Background and objectives: The Rural Physician Associate Program (RPAP) at the University of Minnesota Medical School (UMMS) is a 9-month rural longitudinal integrated clerkship (LIC) for third-year medical students built on a foundation of family medicine. The purpose of this study was to examine the relationships between participation in the RPAP program and the desired workforce outcomes of practice in Minnesota, primary care specialty (particularly family medicine), and rural practice.
Methods: We analyzed workforce outcomes for UMMS graduates who completed postgraduate training between 1975 and 2017, comparing RPAP participants (n=1,217) to noparticipants (n=7,928). We identified graduates through internal UMMS databases linked to the American Medical Association (AMA) Physician Masterfile and the National Provider Identifier (NPI) registry. We identified workforce outcomes of rural practice, practice in Minnesota, primary care specialty, and family medicine specialty based on practice specialty and practice location data available through the AMA and NPI data sets.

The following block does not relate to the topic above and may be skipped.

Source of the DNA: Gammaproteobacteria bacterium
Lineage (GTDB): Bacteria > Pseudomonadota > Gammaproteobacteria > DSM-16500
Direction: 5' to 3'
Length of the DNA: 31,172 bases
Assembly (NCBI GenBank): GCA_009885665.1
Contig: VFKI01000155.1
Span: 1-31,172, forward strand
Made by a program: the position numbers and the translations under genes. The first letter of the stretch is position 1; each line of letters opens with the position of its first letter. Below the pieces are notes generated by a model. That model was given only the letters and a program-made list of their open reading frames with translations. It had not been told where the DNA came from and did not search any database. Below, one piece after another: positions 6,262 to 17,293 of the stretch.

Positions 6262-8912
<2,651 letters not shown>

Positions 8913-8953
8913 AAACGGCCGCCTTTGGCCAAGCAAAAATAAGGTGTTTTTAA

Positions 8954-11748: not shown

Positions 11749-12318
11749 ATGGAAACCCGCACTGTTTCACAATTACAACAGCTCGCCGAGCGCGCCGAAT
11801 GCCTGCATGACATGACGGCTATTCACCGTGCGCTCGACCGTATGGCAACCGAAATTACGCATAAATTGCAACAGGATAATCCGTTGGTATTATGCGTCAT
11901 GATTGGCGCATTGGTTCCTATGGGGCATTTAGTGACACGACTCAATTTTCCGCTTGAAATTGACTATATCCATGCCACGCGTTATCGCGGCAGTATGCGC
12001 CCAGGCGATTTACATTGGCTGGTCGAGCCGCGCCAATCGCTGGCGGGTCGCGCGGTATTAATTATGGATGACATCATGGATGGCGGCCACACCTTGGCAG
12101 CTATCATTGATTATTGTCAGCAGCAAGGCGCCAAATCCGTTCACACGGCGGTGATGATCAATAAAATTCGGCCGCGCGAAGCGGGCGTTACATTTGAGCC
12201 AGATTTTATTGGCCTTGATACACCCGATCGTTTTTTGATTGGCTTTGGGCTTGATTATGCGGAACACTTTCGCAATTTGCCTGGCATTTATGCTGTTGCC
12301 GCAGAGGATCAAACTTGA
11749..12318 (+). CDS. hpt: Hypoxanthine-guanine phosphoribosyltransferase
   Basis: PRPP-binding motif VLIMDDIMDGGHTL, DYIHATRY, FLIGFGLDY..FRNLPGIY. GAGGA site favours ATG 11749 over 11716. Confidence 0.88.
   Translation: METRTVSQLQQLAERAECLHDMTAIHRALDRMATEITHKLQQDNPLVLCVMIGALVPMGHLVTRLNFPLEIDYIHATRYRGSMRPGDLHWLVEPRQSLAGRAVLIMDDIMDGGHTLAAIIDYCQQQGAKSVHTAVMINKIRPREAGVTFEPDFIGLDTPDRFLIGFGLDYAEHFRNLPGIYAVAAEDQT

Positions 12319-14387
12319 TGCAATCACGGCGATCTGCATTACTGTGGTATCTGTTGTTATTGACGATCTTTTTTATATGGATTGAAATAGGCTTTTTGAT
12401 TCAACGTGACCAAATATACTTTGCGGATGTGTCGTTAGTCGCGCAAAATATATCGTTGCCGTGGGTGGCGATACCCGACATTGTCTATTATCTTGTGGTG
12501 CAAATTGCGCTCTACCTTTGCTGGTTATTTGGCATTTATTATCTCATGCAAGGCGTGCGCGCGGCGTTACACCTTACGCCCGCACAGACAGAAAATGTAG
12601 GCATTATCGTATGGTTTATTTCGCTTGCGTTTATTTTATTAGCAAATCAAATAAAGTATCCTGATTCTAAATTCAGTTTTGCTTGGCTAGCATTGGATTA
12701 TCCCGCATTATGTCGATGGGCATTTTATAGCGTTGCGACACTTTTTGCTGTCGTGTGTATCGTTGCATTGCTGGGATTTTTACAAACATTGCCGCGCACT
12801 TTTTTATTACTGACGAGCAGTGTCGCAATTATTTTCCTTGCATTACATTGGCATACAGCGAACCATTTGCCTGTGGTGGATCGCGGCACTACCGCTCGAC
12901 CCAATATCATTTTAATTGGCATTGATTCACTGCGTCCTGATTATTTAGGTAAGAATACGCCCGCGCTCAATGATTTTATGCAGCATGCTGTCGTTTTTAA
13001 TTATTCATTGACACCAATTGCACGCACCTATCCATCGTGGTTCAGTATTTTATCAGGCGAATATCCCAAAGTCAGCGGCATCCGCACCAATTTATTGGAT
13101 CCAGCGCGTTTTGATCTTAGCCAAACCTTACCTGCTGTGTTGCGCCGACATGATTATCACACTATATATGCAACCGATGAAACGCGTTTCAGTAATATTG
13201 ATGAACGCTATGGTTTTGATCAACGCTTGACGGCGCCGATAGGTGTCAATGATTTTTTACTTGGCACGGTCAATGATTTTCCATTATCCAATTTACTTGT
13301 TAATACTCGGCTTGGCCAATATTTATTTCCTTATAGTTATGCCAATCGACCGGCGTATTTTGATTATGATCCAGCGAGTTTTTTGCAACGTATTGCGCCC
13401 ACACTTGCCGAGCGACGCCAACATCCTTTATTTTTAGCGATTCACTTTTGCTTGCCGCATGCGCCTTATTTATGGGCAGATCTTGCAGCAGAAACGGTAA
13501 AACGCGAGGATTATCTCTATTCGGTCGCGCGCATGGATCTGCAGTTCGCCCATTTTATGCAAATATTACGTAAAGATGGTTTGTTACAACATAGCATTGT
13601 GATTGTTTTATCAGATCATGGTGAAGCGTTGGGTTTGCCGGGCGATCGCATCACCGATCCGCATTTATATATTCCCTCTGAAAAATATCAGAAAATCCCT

Results: Proportionally, more RPAP graduates practice in state (65.7% vs 54.4%, P<.01), in primary care (69.0% vs 33.4%, P<.01), in family medicine (61.1% vs 17.3%, P<.01), and rurally (41.2% vs 13.9%, P<.01) than non-RPAP graduates.
Conclusions: We demonstrate a significant association between participation in RPAP and a career in family medicine, rural practice, and primary care, all outcomes that promote meeting urgent rural workforce needs.